They knew going in that it was an extremely dangerous job, and that they could lose their lives. That is the extraordinary thing. They knew going in.
And still, they did it. They went into that Arizona wildfire. And 19 of those incredibly brave firefighters died in the service of their fellow humans. The loss — for their families, for their fellow firefighters, for their community, their state, and their nation — is almost unbearable. We keen and we ponder: What is the meaning of this? If there is a God, why did He not protect these, His bravest and most courageous? Why did they have to die?
The Conversations with God cosmology offers us, on this topic, a message difficult to embrace and challenging to even repeat. Yet I must do so here, if I am to remain true to the messages that have been given to me to send.
They did not “have to” die. We are told in HOME WITH GOD in a Life That Never Ends that “no one dies at a time or in a way that is not of their choosing.”
Can this be true? If it is true, how and why did those 19 Arizona firefighters make such a “choice”?
As we consider this, it must first be understood that this was not a conscious choice. Clearly, by every normal human measure, these men did not wish to die, did not seek to end their lives, did not choose to perish. So the statement above from Home with God refers to a choosing that is done not by the conscious mind, but at the level of soul.
I cannot know, and will not presume to state, the reasons, in each individual case, why these souls made the choice to leave the Earth in this way last Sunday. But I do know that these 19 souls allowing their lives to end in the service of others as they did places before us an indelible statement of Who They Are — and a testament to who we all are at the core of our being.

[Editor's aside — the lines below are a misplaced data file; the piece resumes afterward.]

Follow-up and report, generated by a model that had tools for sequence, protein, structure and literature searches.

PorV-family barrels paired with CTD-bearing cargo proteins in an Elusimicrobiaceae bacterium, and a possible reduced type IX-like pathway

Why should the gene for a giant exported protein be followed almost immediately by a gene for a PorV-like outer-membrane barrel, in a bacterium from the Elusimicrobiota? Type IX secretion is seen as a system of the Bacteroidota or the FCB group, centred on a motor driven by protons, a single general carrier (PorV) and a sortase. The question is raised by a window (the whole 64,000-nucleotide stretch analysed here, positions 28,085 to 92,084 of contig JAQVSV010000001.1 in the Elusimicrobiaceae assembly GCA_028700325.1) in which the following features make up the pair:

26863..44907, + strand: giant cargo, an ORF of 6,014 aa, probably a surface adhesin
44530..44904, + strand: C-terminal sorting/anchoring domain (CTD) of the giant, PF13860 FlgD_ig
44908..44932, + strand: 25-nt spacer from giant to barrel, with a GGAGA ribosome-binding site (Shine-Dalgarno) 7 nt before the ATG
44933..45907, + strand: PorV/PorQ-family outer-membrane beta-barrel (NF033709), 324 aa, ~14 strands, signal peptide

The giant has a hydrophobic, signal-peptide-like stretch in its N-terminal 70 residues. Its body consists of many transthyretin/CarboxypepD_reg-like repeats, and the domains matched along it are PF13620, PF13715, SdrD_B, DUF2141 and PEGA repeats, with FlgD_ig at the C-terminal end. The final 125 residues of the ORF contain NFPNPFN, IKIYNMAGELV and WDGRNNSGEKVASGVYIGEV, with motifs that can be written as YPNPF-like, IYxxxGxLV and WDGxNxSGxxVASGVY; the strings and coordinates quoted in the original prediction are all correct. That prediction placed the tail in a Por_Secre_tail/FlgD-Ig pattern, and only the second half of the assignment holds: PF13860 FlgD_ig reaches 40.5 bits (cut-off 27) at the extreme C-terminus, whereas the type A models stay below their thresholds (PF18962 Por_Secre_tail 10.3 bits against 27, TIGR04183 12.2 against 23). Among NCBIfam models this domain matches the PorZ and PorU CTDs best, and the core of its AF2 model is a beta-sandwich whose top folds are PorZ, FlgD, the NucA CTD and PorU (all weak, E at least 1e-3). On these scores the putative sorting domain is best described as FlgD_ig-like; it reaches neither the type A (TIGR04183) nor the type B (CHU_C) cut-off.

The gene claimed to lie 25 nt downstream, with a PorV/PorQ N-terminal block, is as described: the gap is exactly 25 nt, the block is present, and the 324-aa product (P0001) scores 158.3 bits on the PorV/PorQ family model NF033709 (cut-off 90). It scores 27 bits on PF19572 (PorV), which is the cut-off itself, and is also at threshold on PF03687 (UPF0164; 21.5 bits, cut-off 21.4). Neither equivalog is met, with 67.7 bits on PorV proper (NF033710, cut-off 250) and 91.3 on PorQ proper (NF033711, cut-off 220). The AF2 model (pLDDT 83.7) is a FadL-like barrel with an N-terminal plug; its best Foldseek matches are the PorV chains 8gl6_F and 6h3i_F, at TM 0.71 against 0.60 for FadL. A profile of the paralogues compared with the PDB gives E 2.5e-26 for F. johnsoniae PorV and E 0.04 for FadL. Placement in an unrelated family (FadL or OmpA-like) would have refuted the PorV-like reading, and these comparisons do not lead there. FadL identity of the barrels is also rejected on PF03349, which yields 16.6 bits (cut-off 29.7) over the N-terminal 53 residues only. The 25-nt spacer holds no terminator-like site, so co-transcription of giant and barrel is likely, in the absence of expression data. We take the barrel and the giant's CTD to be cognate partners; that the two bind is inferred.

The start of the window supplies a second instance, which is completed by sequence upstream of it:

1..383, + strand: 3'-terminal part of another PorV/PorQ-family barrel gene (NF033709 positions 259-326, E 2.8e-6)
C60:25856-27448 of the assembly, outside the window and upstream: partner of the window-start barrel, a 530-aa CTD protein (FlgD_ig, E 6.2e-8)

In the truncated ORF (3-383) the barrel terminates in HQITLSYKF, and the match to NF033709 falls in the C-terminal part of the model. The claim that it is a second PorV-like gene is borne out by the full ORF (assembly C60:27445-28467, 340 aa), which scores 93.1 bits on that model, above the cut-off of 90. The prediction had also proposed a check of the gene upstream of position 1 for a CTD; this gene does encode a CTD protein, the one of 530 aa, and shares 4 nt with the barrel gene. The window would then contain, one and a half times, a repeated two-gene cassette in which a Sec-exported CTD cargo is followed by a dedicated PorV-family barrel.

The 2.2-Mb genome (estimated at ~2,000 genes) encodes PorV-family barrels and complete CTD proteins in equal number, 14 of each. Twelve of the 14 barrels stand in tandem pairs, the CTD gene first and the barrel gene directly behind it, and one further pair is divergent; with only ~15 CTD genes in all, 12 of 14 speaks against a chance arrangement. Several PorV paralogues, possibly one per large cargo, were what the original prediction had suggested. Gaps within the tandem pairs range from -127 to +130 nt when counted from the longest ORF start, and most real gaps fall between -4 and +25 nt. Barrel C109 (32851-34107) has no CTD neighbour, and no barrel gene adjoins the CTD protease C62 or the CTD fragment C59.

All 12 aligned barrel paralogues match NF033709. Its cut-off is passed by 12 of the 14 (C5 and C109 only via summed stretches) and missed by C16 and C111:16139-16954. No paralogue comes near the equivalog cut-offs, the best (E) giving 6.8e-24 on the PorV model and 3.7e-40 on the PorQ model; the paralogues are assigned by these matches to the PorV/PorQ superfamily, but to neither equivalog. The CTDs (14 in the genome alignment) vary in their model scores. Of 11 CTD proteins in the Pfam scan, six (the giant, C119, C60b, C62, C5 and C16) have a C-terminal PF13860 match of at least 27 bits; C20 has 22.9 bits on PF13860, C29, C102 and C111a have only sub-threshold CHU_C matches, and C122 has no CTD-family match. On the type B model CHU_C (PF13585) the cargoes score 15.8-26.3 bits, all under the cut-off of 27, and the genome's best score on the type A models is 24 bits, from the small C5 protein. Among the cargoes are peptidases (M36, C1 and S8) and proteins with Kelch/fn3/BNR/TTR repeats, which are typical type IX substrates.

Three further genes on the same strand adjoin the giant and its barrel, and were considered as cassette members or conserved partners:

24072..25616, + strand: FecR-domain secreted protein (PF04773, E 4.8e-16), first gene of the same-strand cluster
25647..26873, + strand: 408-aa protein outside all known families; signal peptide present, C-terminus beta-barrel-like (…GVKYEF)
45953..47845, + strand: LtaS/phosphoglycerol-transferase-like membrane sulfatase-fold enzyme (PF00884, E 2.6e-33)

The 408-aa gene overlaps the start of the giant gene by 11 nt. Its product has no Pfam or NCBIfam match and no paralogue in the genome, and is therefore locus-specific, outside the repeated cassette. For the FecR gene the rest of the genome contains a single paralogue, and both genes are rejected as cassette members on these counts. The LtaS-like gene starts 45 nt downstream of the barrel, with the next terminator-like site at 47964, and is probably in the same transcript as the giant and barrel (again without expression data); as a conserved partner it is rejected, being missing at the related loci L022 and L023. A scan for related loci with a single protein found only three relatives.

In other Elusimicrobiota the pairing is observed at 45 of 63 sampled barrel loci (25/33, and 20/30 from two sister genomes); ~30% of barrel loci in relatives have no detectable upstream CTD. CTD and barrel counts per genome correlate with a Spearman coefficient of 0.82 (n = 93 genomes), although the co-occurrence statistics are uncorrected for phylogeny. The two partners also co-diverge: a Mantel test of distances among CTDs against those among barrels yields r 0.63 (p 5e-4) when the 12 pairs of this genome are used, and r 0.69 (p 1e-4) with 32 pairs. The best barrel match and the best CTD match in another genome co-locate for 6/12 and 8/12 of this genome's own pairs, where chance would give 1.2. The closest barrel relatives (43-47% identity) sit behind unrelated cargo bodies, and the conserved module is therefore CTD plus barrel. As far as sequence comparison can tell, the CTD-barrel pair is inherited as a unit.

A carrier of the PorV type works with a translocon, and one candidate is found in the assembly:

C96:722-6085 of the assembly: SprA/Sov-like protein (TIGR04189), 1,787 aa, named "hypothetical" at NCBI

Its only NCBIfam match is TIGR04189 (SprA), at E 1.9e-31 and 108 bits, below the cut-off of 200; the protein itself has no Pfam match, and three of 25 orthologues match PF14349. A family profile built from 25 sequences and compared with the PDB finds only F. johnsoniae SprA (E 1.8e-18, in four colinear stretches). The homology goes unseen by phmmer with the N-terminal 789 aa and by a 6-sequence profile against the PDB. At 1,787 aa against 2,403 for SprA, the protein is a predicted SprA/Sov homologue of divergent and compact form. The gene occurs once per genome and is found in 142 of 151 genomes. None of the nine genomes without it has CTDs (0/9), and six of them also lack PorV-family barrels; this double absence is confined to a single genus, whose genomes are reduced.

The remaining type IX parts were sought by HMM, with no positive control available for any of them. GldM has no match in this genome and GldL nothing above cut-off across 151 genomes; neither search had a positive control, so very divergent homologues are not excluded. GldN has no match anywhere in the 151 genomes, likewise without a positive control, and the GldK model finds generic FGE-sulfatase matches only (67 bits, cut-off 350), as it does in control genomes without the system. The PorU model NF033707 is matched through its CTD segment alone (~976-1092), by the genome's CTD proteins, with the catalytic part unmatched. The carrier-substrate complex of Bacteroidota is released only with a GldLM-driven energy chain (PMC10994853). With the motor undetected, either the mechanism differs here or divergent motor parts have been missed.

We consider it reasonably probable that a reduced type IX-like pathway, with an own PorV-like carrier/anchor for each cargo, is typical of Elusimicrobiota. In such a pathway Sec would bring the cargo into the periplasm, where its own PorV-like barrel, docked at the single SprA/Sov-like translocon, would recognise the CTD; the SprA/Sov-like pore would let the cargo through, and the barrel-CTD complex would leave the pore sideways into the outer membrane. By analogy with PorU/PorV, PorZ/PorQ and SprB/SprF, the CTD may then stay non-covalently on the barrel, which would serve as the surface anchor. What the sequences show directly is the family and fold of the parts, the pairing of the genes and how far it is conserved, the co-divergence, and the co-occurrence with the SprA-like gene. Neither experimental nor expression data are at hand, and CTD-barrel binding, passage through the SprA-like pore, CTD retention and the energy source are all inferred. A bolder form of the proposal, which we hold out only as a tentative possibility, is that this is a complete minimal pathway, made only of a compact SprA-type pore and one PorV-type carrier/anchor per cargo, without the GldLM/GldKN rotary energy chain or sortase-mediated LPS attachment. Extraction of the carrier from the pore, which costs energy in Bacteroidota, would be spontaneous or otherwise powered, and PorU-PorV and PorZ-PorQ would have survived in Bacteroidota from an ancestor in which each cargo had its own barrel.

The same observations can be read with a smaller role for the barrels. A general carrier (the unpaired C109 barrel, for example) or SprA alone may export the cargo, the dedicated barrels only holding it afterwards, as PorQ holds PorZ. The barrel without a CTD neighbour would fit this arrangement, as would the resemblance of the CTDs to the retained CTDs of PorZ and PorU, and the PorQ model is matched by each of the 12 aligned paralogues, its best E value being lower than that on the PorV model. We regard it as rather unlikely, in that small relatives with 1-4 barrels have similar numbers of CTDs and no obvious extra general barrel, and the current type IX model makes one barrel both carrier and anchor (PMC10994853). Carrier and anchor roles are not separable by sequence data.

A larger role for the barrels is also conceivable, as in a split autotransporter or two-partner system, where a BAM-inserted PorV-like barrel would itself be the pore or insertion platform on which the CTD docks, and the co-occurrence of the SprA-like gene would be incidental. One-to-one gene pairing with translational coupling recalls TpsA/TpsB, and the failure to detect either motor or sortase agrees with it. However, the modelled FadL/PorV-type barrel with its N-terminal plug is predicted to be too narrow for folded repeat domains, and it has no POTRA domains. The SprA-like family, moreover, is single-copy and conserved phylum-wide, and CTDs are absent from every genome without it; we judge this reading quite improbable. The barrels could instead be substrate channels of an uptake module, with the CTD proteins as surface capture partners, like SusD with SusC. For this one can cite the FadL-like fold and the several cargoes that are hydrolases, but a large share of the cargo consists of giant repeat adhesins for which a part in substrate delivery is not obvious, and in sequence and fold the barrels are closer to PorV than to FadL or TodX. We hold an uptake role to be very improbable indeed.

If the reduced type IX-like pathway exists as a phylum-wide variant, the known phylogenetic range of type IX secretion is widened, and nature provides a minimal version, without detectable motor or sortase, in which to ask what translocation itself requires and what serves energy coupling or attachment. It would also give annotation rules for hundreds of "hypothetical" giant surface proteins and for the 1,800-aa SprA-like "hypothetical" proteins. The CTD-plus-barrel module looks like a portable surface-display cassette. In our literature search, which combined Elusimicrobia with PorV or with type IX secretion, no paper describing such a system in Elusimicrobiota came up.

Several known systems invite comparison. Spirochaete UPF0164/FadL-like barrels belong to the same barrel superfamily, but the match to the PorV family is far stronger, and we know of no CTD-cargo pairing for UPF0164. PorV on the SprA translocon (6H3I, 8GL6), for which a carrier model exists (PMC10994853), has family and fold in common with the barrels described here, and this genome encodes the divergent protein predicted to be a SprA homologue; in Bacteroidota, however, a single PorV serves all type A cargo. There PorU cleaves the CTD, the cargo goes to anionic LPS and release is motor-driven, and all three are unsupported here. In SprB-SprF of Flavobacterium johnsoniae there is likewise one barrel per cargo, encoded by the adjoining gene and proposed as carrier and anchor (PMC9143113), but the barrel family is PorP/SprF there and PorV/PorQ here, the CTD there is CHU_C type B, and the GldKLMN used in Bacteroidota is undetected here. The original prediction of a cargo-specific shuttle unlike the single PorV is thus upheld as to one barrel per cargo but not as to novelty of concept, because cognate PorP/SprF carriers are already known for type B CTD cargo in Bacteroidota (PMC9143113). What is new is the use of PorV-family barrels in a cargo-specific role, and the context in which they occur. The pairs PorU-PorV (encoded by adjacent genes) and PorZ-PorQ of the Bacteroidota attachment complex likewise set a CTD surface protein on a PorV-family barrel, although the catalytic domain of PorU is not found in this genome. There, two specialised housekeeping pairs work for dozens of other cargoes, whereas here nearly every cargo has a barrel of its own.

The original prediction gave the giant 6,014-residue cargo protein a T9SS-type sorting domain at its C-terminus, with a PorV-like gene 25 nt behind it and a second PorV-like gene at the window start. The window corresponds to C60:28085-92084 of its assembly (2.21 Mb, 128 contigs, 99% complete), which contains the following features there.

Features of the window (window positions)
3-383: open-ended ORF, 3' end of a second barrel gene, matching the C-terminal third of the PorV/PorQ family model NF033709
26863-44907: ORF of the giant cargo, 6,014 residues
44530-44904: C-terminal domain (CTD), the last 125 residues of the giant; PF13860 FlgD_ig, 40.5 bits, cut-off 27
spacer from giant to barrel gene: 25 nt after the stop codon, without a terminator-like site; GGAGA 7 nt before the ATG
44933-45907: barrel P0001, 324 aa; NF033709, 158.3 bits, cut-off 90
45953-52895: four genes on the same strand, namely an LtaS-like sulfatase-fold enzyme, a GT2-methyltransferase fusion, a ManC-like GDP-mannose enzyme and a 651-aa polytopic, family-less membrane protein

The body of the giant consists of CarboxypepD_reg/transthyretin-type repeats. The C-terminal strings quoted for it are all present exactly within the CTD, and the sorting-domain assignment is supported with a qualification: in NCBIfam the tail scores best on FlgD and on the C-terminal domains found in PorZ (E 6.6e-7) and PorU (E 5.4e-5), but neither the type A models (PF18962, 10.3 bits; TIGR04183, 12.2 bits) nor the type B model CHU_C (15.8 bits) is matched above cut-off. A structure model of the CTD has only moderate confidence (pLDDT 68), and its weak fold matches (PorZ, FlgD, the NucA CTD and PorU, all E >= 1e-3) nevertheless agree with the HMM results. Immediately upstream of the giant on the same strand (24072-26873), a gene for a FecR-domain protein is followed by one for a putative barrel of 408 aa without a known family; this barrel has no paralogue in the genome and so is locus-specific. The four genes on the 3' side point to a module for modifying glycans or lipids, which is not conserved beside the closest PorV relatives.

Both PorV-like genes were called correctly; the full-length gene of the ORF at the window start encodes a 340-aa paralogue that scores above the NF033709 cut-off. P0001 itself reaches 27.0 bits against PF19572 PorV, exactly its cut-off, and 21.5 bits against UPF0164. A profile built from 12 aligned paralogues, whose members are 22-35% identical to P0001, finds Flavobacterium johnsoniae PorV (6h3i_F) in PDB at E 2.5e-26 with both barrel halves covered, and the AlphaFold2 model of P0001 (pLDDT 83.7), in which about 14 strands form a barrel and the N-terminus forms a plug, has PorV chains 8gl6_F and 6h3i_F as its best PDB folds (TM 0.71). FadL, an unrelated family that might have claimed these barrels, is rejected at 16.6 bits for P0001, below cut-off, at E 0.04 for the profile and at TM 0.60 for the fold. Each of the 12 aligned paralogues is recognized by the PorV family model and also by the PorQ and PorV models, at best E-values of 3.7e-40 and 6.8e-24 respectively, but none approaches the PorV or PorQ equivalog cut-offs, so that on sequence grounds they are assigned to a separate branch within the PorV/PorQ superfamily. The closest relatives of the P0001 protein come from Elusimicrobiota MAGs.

It has been said that survival is the basic instinct of human beings. The Conversations with God messages tell us otherwise. They tell us that the survival instinct is not our fundamental impulse, but that our prime desire is to express our Divinity. That is why some people — most people — find themselves doing extraordinarily brave things when the lives of others are on the line.
We step between the child who has wandered off the curb and the bus about to hit her. We jump on top of the man who has fallen from the subway platform just before the roaring train passes overhed. We run into the burning building in response to the cries for help — or into the blazing wildfire in response to the pleadings to protect the lives and dearest possessions of others.
This is the spiritual message that I received as I pondered the death of those Arizona Angels: Andrew Ashcraft, 29; Robert Caldwell, 23; Travis Carter, 31; Dustin Deford, 24; Christopher Mackenzie, 30; Eric Marsh, 43; Grant McKee, 21; Sean Misner, 26; Scott Norris, 28; Wade Parker, 22; John Percin, 24; Anthony Rose, 23; Jesse Steed, 36; Joe Thurston, 32; Travis Turbyfill, 27; William Warneke, 25; Clayton Whitted, 28; Kevin Woyjeck, 21; and Garret Zuppiger, 27.
We can all pledge to them this day to use their acts of valor and selflessness as inspiration to live our own lives as free as we possibly can of self-interest first, of self-preservation first, of simple selfishness first, and to reflect as best we can the impeccable demonstration they have given us of the true greatness of the human spirit, the true love that resides in the human heart, and the true glory of the human soul.
Sometimes it takes a great tragedy to wake us up to the unspeakable glory of Who We Really Are, to shake us loose from the moorings of our fears and our self-serving limitations, setting us free to sail again the seas of our souls’ wondrous journey back home. In humble gratitude for what they have shown us of what it truly means to be greatly human, we today honor and salute those Arizona firefighters, and we choose and announce by our oath that their demonstration shall not be in vain.